Here’s an interesting factoid about contemporary policing: In 2014, for the first time ever, law enforcement officers took more property from American citizens than burglars did. Martin Armstrong pointed this out at his blog, Armstrong Economics, last week.
Officers can take cash and property from people without convicting or even charging them with a crime — yes, really! — through the highly controversial practice known as civil asset forfeiture.
Last year, according to the Institute for Justice, the Treasury and Justice departments deposited more than $5 billion into their respective asset forfeiture funds. That same year, the FBI reports that burglary losses topped out at $3.5 billion.
Armstrong claims that “the police are now taking more assets than the criminals,” but this isn’t exactly right: The FBI also tracks property losses from larceny and theft, in addition to plain ol’ burglary. If you add up all the property stolen in 2014, from burglary, theft, motor vehicle theft and other means, you arrive at roughly $12.3 billion, according to the FBI. That’s more than double the federal asset forfeiture haul.
[In tough times, police start seizing a lot more stuff]
One other point: Those asset forfeiture deposit amounts are not necessarily the best indicator of a rise in the use of forfeiture. “In a given year, one or two high-dollar cases may produce unusually large amounts of money — with a portion going back to victims — thereby telling a noisy story of year-to-year activity levels,” the Institute for Justice explains. A big chunk of that 2014 deposit, for instance, was the $1.7 billion Bernie Madoff judgment, most of which flowed back to the victims.
For that reason, the net assets of the funds are usually seen as a more stable indicator — those numbers show how much money is left over in the funds each year after the federal government takes care of various obligations, like payments to victims. Since this number can reflect monies taken over multiple calendar years, it’s less comparable to the annual burglary statistics.
Still, even this more stable indicator hit $4.5 billion in 2014, according to the Institute for Justice — higher again than the burglary losses that year.
Arizona passed a law raising the standard of evidence for asset forfeiture. That didn’t help Jerry Johnson when Phoenix police seized his cash.
A North Carolina man is fighting to get back $39,500 in cash after police in Phoenix, Arizona, seized the money from him at an airport on suspicion that it was drug money, despite never charging him with a crime.
The Institute for Justice, a libertarian-leaning public interest law firm, filed an appeal Monday in the Arizona Court of Appeals on behalf of Jerry Johnson. Johnson owns a trucking company and says he flew to Phoenix last August to possibly purchase a semi-truck at auction.
“I flew to Phoenix thinking I could get a good deal on a truck that would allow me to expand my business,” Johnson said in an Institute for Justice press release. “But instead, the police took my money without ever charging me with a crime. It’s been a struggle to lose my savings, and now my business is barely getting by. I’m fighting for my money, but I’m also fighting because this should never happen to anyone else.”
The Institute for Justice is currently litigating a separate class-action lawsuit on behalf of people whose cash was seized by the Drug Enforcement Administration (DEA) at airports. One of the lead plaintiffs in that case, Stacy Jones, had $43,167 in cash seized by the DEA as she was trying to fly home to Tampa, Florida, from Wilmington, North Carolina. Jones says the cash was from the sale of a used car, as well as money she and her husband intended to take to a casino.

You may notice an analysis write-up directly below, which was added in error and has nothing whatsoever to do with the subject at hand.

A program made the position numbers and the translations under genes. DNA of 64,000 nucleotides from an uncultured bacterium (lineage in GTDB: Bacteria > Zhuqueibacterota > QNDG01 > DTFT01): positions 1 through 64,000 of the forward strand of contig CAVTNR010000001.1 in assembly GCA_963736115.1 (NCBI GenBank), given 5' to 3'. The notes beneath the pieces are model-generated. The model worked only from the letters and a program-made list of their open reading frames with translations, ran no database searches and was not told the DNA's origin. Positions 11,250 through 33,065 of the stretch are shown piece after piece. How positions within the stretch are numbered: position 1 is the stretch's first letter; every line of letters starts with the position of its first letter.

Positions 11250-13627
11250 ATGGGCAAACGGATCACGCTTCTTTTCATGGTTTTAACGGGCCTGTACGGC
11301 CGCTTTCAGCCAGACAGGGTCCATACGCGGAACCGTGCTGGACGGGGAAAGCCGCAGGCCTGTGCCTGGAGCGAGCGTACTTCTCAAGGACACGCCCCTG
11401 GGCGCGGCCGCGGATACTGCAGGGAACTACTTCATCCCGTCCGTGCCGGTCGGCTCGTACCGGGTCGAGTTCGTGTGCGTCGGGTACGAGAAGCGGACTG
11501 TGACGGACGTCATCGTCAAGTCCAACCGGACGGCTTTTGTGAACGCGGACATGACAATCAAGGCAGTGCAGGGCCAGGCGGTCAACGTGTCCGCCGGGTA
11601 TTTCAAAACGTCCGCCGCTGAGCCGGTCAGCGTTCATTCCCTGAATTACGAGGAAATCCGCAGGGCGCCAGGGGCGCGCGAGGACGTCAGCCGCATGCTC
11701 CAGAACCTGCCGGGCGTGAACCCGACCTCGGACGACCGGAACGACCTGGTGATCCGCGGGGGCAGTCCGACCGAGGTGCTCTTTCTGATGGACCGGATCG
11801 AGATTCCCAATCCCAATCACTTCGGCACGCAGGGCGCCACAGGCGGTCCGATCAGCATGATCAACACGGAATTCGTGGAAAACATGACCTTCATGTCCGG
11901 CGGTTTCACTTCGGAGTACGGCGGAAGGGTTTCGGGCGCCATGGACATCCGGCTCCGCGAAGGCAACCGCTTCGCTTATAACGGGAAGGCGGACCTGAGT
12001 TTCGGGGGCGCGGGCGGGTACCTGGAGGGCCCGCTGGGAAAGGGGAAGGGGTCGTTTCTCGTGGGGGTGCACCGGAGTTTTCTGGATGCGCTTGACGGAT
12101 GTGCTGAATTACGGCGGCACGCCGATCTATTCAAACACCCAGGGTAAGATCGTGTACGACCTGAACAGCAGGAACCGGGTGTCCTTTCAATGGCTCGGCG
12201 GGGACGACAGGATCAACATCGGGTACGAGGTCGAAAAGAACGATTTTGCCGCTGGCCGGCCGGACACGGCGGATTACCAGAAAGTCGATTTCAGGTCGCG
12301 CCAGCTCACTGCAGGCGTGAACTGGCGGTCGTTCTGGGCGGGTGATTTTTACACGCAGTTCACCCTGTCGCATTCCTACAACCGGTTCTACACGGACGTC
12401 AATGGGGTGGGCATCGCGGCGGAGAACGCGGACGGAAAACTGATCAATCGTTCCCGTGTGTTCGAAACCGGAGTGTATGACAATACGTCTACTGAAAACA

Although it is legal to fly domestically with large amounts of undeclared cash, police have a habit of seizing currency from travelers under civil asset forfeiture laws. This practice allows law enforcement to seize property—cash, cars, guns, houses—suspected of being connected to criminal activity, even if the owner is never charged or convicted of a crime.
The DEA and local police regularly snoop on travel records and maintain a network of travel industry employees who act as confidential informants. A 2016 USA Today investigation found the DEA seized more than $209 million from at least 5,200 travelers in 15 major airports over the previous decade.
……More than half of U.S. states have passed some form of asset forfeiture reform because of such concerns. The Arizona House passed a bill in February that would require law enforcement to obtain a criminal conviction before a defendant’s assets could be forfeited. If it passes the state senate, Arizona would join New Mexico, Nebraska, and North Carolina in essentially eliminating civil asset forfeiture.
The state already passed reforms in 2017 to raise the evidentiary threshold for forfeitures from “a preponderance of evidence” to “clear and convincing evidence,” but that did not help Johnson.
After Johnson challenged the seizure and presented bank statements and tax returns to establish ownership of the money, the judge in his case ruled that because of inconsistencies in his story and circumstantial evidence offered by prosecutors—an old criminal record, buying a last-minute ticket with a quick turnaround, his nervous appearance in the airport, having three cell phones, and the alleged odor of marijuana on the cash—he hadn’t established a legitimate interest in the cash.
“In Arizona, prosecutors are required to prove through clear and convincing evidence that money is connected to criminal activity before the property can be forfeited,” Institute for Justice senior attorney Dan Alban said in a press release. “But instead of holding the state to its burden of proving guilt, the court required Jerry to prove his own innocence.”